What Does Locality Mean in Gravity?

Fabio Iunes Sanches, University of California, Berkeley

Photo of Fabio Iunes Sanches

Relativistic quantum field theory successfully describes the dynamics of fundamental interactions. One principle at the core of quantum field theory is that it is inherently local: No process can violate causality, as expected from special relativity. Formally this feature is manifested by the fact that spacelike separated operators have vanishing commutators.

Once we try to incorporate gravity, the issue of locality becomes much subtler. One way to see the conflict between the two theories is through the black hole information paradox -- which also displays the holographic property of gravity. This suggests gravity is inherently nonlocal, although an effectively local description works to a very good approximation when gravitational effects are weak.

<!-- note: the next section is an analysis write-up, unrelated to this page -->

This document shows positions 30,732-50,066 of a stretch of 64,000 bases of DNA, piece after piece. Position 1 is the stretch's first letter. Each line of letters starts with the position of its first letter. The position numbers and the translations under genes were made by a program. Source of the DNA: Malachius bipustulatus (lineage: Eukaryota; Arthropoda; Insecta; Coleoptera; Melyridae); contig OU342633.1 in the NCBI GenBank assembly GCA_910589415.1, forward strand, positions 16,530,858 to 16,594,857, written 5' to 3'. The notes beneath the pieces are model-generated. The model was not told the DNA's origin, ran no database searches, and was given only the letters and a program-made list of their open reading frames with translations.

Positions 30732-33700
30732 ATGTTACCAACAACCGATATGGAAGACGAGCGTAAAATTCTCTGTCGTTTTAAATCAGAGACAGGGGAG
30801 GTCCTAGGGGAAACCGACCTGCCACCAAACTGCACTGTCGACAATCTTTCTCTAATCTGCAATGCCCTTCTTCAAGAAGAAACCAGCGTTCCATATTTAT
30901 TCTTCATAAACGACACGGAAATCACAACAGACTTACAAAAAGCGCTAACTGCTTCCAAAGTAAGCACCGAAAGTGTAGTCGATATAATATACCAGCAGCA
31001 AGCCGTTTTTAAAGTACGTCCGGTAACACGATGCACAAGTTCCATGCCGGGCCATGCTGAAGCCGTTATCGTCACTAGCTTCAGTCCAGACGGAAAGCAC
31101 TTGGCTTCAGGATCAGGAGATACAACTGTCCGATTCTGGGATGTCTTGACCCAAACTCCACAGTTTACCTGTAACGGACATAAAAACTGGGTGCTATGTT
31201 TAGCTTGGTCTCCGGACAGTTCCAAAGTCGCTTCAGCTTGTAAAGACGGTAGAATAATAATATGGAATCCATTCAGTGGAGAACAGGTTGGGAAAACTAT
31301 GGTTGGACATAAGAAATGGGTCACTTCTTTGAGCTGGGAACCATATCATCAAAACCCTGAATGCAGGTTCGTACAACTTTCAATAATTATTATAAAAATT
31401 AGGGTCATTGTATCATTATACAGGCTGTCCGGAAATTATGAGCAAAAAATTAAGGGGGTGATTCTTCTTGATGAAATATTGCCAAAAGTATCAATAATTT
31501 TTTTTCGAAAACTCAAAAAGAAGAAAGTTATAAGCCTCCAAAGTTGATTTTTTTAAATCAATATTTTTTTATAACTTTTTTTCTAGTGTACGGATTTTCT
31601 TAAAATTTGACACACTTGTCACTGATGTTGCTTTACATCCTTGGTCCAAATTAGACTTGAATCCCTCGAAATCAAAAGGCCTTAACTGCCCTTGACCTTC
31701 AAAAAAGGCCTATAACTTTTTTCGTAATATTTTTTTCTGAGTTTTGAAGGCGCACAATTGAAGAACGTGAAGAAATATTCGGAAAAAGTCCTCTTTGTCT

The AdS/CFT correspondence provides a precise setting to study how local physics emerges in gravity. In particular, bulk operators in the anti-de Sitter spacetime are somehow encoded in the boundary conformal field theory. This encoding must be in such a way that locality in the bulk emerges (at least approximately) from the boundary CFT. By studying the reconstruction property of bulk operators (that is, how to express bulk operators in terms of boundary quantities), we give a definition of bulk local operators using only the CFT. We find that locality is intimately related to the quantum error correction properties of the CFT.

Abstract Author(s): Fabio Sanches